Data collection practices receive increasingly more attention and sophistication. Web scraping, and automated acquisition processes in general, changed the nature of data collection so much that old challenges were solved and new problems emerged.
One of them is the selection of data in regards to dynamicity. Since now we’re able to collect unthinkable volumes of information in mere seconds, getting some particular sample is no longer an issue. Additionally, in business, we will often scour the same sources over and over to monitor competition, brands, and anything else that’s relevant to the industry.
Data dynamicity is, as such, a question of optimiSation. Refreshing data each time might not be necessary in cases where certain fields might not be updated frequently, or those changes might have no importance to the use case.
Static vs dynamic data
Static data can be defined in a two-fold manner. As an object of information, it’s one that doesn’t change (frequently). Examples of such sources could be editorial articles, country or city names, descriptions of events and locations, etc. A factual news report, once published, is unlikely to ever be changed in the future.
Dynamic data, on the other hand, is something that is constantly in flux, often due to external factors. Frequently encountered types of dynamic data might be product pricing, stock numbers, reservation counts, etc.
Somewhere in the middle lies the twilight zone of both definitions, as is the case when you try to put everything into neat little boxes. There are objects of information such as product descriptions, meta titles of articles, and commercial pieces of content that change with some frequency.
Whether these fall under static or dynamic data will depend upon the intended use. Projects, independently from the type of data, will have more or less use for specific informational sources. SEO tools, for example, might find less value in pricing data, but will want to refresh meta titles, descriptions, and many other features.
Pricing models, on the other hand, will scarcely have use for frequently-updated product descriptions. They might need to grab it once for product-matching purposes. If it gets updated for SEO purposes down the line, there’s still no reason to ever revisit the description.
Mapping out your data
Every data analysis and collection project will have its necessities. Going back to the pricing model example, two technical features will be necessary – a product matching and pricing data.
Products need to be matched as any automated pricing implementation needs accuracy. Mismatching products and changing pricing could cause an enormous amount of damage to revenue, especially if the changes go unaddressed.
Most of the matching happens through product titles, descriptions, and specifications. The former two will change often, especially in e-commerce platforms, where optimising for keywords is an important ranking factor. They, however, will have no impact on the ability to match product identities as fundamental features will not change (e.g., an iPhone will always remain an iPhone).
As such, descriptions and titles might be treated as static data, even if they are somewhat dynamic. For the project’s purposes, the changes are not nearly as impactful to warrant continued monitoring.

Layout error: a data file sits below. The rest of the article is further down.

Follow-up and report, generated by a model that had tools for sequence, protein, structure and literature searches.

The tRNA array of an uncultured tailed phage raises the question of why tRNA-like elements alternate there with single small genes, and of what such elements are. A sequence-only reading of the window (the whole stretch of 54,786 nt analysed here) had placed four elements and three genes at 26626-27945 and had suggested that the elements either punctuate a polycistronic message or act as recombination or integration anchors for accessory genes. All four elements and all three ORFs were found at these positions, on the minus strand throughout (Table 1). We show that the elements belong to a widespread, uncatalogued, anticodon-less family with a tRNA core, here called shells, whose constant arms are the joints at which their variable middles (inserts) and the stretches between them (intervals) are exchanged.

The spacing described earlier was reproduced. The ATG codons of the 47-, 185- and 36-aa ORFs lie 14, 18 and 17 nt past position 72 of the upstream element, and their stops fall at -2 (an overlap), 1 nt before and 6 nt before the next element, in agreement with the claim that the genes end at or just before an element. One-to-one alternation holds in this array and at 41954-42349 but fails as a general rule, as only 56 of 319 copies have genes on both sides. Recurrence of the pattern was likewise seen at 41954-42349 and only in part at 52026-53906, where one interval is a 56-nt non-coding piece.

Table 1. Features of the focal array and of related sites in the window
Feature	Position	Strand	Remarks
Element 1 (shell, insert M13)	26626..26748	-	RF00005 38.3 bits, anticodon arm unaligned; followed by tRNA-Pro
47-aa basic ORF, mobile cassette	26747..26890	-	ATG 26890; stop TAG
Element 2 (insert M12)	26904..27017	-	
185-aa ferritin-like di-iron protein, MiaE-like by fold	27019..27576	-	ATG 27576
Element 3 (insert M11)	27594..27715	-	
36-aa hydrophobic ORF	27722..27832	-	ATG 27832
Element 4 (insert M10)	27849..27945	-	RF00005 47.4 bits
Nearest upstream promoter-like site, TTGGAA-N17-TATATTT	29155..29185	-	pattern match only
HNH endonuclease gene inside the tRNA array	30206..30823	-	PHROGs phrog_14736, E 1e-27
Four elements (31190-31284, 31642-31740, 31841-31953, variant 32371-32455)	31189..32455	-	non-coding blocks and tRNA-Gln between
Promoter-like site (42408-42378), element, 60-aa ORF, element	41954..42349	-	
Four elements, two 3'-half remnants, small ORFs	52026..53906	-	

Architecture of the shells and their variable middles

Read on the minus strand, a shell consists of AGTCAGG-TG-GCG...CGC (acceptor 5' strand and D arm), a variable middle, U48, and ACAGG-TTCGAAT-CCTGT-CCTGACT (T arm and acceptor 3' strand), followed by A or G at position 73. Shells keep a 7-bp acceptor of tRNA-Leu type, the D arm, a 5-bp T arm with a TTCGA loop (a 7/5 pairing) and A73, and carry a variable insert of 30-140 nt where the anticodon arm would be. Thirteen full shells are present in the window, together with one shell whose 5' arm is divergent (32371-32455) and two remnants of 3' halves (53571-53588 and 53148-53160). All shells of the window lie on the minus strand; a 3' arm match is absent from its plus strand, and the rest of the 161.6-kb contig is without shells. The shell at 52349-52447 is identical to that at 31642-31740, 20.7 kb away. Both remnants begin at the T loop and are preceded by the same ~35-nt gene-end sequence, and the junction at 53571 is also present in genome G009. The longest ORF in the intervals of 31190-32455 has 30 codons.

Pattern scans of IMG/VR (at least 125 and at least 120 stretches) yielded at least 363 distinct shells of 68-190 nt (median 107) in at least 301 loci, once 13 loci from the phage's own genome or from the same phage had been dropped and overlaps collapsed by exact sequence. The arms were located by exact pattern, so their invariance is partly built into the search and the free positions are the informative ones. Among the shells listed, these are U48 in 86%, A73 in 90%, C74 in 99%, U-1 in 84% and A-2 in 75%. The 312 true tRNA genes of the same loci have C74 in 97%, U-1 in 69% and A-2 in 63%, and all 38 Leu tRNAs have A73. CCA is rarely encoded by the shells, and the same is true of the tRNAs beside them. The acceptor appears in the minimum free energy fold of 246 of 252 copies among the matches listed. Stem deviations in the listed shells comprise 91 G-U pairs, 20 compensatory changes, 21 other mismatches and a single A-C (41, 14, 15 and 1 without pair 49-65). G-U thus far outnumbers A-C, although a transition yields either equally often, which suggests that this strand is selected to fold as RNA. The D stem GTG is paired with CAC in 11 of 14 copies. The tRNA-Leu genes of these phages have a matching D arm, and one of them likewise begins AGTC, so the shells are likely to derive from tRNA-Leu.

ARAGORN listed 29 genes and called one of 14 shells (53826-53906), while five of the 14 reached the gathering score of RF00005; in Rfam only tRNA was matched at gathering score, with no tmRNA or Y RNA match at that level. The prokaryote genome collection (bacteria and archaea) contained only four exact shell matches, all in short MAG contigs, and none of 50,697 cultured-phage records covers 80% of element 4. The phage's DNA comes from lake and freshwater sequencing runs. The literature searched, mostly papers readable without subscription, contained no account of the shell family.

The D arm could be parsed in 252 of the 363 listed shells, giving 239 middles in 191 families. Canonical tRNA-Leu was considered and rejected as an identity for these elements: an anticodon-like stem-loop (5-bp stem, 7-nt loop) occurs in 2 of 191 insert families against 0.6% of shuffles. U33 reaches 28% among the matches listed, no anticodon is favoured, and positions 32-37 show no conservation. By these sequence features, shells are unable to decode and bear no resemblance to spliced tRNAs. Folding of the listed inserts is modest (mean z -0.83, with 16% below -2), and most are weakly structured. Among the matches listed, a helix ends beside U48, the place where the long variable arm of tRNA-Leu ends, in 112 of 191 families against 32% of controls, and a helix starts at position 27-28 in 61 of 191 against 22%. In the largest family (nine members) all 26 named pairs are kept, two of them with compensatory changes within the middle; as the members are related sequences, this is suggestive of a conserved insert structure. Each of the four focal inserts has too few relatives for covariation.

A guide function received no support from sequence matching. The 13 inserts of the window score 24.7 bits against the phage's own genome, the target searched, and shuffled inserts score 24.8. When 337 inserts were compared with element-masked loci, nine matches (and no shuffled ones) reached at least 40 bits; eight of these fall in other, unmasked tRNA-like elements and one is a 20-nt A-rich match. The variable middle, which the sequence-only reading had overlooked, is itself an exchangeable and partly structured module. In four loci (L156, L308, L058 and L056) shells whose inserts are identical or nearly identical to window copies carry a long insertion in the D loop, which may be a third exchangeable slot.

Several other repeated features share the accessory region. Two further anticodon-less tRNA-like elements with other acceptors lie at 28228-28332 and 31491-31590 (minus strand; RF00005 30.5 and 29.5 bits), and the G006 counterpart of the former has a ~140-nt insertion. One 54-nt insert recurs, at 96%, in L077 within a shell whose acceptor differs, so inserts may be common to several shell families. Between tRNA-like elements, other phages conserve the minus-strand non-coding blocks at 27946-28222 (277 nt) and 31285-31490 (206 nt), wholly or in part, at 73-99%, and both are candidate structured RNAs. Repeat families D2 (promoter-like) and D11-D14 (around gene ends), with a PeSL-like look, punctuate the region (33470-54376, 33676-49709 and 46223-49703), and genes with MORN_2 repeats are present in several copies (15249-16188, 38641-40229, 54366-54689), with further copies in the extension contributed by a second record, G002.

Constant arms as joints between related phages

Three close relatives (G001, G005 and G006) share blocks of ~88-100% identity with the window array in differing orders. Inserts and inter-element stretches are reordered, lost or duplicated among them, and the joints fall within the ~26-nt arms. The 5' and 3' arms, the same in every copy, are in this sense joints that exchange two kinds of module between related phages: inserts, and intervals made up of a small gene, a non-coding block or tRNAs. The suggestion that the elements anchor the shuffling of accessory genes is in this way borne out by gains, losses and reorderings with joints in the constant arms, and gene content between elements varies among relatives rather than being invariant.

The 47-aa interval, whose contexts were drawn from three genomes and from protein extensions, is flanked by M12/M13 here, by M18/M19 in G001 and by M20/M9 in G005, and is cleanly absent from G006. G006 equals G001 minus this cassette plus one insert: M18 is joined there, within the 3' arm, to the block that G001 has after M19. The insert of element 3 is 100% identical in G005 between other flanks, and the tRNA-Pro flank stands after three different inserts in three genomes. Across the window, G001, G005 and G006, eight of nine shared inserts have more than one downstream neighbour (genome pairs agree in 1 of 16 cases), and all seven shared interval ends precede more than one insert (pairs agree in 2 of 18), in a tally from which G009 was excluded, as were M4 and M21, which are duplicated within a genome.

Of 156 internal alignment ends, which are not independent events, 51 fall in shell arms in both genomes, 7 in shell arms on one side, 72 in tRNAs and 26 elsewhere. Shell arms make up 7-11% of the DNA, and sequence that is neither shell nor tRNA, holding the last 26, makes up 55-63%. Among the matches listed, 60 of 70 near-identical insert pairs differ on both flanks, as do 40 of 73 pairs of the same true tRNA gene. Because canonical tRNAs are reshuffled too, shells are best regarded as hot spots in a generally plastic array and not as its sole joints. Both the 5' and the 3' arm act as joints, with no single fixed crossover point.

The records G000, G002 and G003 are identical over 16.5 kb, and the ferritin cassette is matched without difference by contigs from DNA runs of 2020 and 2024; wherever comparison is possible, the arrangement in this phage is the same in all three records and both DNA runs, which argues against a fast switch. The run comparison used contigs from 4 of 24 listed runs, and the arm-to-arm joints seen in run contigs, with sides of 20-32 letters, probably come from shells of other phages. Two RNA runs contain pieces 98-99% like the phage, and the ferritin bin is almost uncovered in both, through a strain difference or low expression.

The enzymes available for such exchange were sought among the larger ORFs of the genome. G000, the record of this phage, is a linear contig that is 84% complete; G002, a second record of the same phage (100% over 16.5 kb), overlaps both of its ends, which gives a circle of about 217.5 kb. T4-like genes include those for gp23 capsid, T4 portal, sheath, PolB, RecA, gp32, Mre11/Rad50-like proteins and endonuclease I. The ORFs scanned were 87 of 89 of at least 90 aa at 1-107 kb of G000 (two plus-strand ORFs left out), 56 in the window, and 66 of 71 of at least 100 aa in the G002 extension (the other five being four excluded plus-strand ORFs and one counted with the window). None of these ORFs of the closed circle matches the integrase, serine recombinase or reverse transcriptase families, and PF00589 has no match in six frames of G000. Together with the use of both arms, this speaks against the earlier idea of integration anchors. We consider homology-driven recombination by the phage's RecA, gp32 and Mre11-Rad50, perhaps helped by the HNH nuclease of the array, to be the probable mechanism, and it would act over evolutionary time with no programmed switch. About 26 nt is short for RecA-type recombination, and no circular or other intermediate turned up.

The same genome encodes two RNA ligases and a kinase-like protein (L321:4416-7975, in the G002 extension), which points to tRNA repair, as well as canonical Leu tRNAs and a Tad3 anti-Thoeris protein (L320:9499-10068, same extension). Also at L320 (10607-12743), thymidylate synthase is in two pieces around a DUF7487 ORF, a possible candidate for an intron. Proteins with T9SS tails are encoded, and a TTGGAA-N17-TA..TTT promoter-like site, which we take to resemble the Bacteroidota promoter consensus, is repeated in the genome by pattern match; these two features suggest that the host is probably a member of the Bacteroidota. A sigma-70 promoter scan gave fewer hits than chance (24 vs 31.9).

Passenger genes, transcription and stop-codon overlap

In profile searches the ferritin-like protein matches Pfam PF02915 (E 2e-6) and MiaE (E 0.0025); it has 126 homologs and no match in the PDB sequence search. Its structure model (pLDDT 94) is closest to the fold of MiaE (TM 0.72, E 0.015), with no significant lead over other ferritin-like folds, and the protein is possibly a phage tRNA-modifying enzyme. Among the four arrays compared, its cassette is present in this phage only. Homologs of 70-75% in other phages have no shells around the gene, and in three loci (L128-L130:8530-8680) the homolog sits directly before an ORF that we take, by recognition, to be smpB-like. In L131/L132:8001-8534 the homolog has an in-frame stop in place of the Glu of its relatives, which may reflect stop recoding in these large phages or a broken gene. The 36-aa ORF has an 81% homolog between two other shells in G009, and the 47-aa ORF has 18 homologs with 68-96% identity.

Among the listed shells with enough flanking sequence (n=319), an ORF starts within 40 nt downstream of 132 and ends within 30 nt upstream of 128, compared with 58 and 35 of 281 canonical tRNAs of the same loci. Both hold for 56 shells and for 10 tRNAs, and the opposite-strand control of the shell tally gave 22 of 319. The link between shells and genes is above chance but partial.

Pricing data, as it may already be obvious, is not only naturally constantly in flux, but catching any changes as they happen would be essential to the project. As such, it would certainly be considered dynamic data.
Reducing costs with mapping
Regardless of the integration method, whether internal or external, data collection and storage practices are costly. Additionally, most companies will use cloud-based storage solutions, which can include all writes into the overall cost, meaning that refreshing data will cut into the budget.
Mapping out data types (i.e., static or dynamic) can optimise data collection processes through several avenues. First, pages can be categorised into static-data, dynamic-data, or mixed. While the first category might be somewhat shallow, it would still indicate that there’s no need to revisit those pages frequently, if at all.
Mixed pages might also make it easier to reduce write and storage costs. Reducing the amount of data transferred from one place to another is, by itself, a form of optimisation, but these become more relevant when bandwidth, read/write, and storage costs are taken into account.
Since, however, scrapers usually download the entire HTML, any visit to a URL will have the entire object stored in memory. With the use of external providers, costs are usually allocated per request, so there’s no difference between updating all data fields or only the dynamic ones.
Yet, in some applications, historical data might be necessary. Downloading and updating the same field with the same data every time period would run up write and storage costs without good reason. A simple comparison function can be implemented that checks whether anything has changed and only performs a write if it has been so.
Finally, with internal scraping pipelines, all of the above still applies, however, to a much greater degree. Costs can be optimised by reducing unnecessary scrapes, limiting the amount of writes, and parsing only the necessary parts of the HTML.
In the end, developing frameworks is taking the first step towards true optimisation. They may start out, as this one may be, as overly theoretical, but frameworks give us a lens for interpreting processes that are already in place.